Family Pride (Chapter VII - Wilford's Second Visit, page 1 of 8)


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Wilford Cameron had tried to forget Katy Lennox, while his mother and sisters had done their best to help to forget, or at least sicken of her; and as the three, Juno, Bell and the mother, were very differently constituted, they had widely different ways of assisting him in his dilemma, the mother complimenting his good sense in drawing back from an alliance which could only bring him mortification; Bell, the blue sister, ignoring the idea of Wilford's marrying that country girl as something too preposterous to be contemplated for a moment, much less to be talked about; while Juno spared neither ridicule nor sarcasm, using the former weapon so effectually that her brother at one time nearly went over to the enemy; and Katy's tears, shed so often when no one could see her, were not without a reason. Wilford was trying to forget her, both for his sake and her own, for he foresaw that she could not be happy with his family, and he came to think it might be a wrong to her, transplanting her into a soil so wholly unlike that in which her habits and affections had taken root.

His father once had abruptly asked him if there was any truth in the report that he was about to marry and make a fool of himself, and when Wilford had answered "No," he had replied with a significant: "Umph! Old enough, I should think, if you ever intend to marry. Wilford," and the old man faced square about: "I know nothing of the girl, except what I gathered from your mother and sisters. You have not asked my advice. I don't suppose you want it, but if you do, here it is. If you love the girl and she is respectable, marry her if she is poor as poverty and the daughter of a tinker; but if you don't love her, and she's rich as a nabob, for thunder's sake keep away from her."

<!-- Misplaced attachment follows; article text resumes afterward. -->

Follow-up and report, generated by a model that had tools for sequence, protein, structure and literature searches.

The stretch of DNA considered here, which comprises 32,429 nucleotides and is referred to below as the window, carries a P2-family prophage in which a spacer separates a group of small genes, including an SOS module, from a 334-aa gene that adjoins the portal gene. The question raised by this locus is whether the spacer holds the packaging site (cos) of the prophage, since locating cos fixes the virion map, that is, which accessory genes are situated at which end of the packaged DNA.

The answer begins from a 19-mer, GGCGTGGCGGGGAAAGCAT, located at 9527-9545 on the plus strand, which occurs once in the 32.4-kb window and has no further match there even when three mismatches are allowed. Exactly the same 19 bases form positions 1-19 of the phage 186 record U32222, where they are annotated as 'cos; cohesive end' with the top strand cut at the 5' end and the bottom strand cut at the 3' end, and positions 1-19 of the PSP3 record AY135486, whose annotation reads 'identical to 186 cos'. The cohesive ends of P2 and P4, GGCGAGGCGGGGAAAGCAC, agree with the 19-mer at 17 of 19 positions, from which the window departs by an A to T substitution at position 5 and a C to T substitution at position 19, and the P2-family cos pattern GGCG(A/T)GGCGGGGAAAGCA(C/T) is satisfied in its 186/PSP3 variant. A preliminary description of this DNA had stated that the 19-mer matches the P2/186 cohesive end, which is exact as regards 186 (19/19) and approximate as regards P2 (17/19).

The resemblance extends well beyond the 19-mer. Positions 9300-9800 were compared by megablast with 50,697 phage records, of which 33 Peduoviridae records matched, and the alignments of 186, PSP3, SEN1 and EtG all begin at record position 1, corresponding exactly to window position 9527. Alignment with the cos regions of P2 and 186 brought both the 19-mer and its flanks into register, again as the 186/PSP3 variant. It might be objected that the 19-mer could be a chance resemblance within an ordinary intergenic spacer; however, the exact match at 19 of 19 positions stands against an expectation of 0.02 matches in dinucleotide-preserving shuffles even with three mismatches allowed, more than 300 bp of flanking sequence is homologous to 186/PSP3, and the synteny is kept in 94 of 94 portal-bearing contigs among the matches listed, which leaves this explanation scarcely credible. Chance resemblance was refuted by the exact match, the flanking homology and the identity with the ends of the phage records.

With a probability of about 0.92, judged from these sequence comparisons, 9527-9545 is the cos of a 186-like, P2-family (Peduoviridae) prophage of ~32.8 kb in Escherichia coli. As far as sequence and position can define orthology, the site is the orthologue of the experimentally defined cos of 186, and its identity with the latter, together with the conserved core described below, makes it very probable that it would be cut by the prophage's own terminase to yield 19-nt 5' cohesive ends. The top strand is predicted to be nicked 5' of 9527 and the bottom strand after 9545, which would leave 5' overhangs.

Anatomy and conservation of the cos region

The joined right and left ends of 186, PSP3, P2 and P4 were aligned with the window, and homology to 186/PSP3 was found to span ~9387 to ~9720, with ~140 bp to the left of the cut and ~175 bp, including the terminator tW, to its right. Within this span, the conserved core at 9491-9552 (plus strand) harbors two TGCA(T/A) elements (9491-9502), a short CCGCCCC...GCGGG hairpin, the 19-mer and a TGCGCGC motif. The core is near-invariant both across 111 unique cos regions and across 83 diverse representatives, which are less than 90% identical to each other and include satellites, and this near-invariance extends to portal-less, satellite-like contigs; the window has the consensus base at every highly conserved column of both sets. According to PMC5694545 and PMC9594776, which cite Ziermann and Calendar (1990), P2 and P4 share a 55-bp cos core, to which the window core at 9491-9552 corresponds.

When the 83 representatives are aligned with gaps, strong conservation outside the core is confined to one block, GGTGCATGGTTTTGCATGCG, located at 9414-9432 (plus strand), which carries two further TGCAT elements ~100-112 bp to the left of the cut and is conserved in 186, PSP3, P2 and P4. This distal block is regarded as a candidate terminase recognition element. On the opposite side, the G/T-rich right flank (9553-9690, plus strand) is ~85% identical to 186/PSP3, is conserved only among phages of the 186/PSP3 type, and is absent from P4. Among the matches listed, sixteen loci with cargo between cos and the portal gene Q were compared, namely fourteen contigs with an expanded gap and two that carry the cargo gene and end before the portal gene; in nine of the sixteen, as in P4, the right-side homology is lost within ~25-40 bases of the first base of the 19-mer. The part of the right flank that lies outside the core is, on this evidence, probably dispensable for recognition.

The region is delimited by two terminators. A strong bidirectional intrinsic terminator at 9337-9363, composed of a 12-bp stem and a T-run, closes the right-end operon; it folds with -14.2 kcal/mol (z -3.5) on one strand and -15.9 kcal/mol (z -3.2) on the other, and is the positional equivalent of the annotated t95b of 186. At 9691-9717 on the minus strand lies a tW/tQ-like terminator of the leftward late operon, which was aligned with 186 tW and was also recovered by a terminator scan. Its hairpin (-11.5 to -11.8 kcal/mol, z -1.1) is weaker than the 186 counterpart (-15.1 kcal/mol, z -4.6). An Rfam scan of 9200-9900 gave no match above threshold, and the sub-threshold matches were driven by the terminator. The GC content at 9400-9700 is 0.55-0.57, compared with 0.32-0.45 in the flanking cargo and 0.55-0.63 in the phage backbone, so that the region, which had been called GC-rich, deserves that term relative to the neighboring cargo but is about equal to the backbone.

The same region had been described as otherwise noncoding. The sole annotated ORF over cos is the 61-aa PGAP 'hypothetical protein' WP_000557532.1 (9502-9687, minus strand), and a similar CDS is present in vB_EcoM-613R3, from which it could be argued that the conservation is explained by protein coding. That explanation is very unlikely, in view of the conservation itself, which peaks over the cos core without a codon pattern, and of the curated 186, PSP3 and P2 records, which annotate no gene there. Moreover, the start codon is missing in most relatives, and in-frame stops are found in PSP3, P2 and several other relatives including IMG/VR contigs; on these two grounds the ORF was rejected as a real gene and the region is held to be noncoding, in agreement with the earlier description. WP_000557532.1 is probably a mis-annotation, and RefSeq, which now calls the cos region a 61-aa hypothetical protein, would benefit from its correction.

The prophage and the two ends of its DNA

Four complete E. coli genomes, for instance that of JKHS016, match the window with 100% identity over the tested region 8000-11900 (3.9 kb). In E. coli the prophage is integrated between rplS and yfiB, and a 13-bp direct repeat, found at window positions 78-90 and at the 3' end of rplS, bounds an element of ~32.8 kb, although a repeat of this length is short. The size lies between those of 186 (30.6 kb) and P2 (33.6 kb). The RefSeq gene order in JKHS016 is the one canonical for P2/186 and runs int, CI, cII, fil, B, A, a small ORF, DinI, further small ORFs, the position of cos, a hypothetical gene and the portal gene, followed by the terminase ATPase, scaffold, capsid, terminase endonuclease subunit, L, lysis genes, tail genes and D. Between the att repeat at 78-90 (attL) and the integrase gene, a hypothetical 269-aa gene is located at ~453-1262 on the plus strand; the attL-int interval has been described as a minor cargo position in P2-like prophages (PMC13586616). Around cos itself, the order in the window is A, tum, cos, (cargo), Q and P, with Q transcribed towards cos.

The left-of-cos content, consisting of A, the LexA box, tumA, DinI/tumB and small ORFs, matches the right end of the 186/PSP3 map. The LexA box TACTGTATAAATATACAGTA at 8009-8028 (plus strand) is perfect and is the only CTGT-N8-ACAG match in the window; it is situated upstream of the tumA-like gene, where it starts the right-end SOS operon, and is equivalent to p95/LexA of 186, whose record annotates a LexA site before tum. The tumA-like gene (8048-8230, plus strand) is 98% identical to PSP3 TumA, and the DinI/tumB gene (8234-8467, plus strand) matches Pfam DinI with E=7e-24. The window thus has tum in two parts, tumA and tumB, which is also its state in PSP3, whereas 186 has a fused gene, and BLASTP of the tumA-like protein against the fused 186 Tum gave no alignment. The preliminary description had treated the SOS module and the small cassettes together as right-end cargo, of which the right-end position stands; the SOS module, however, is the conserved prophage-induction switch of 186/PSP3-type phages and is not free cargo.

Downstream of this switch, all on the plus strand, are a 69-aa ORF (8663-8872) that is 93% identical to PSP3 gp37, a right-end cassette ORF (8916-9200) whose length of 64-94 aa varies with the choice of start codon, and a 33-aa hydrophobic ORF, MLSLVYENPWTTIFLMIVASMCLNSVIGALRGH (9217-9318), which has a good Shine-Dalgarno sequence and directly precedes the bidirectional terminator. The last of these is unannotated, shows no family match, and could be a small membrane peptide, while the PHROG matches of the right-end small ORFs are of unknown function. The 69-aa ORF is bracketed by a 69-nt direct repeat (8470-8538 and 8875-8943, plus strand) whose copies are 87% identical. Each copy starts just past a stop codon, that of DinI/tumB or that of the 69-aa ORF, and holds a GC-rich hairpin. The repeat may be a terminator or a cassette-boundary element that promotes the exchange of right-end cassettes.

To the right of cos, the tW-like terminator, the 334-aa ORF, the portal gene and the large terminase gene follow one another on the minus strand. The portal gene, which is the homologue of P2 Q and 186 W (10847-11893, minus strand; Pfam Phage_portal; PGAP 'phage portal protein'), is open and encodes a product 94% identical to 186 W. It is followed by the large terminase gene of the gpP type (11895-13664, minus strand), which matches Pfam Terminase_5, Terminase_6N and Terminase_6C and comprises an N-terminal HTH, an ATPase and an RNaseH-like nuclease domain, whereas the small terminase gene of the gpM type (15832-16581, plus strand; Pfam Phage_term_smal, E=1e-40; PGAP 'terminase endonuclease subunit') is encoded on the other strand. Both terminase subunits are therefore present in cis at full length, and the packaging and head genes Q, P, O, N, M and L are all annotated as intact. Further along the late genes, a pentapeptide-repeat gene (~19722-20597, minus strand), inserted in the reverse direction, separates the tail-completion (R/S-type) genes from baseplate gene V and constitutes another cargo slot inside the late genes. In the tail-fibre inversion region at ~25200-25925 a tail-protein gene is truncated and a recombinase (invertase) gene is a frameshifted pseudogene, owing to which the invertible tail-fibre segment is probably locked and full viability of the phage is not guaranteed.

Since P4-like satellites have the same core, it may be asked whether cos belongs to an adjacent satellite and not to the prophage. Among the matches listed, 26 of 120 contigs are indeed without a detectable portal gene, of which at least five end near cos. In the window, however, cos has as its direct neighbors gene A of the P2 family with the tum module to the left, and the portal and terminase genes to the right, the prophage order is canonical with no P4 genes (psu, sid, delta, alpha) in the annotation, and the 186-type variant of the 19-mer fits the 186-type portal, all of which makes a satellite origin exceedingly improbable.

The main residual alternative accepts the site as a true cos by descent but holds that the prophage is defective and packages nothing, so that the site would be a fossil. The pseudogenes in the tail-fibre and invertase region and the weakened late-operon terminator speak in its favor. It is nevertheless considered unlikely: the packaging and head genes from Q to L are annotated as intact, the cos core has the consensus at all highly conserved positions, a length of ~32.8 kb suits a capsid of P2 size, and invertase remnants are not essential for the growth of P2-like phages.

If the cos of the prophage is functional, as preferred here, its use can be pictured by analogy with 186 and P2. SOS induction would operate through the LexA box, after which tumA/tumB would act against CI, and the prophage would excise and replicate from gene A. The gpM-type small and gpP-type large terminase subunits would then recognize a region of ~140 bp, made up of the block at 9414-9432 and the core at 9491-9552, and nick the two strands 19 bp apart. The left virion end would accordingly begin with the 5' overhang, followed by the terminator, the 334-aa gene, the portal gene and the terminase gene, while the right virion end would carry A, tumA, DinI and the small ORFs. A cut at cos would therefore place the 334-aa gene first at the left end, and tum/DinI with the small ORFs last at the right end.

This was the elder Cameron's counsel, and Katy's cause arose fifty per cent, in consequence. Still Wilford was sadly disquieted, so much so that his partner, Mark Ray, could not fail to observe that something was troubling him, and at last frankly asked what it was. Wilford knew he could trust Mark, and he confessed the whole, telling him far more of Silverton than he had told his mother, and then asking what his friend would do were the case his own.

Fond of fun and frolic, Mark laughed immoderately at Wilford's description of Aunt Betsy bringing her "herrin' bone" patchwork into the parlor, and telling him it was a part of Katy's "settin' out," but when it came to her hint for an invitation to visit in New York, the amused young man roared with laughter, wishing so much that he might live to see the day when poor Aunt Betsy Barlow stood ringing for admittance at No. ---- Fifth Avenue.

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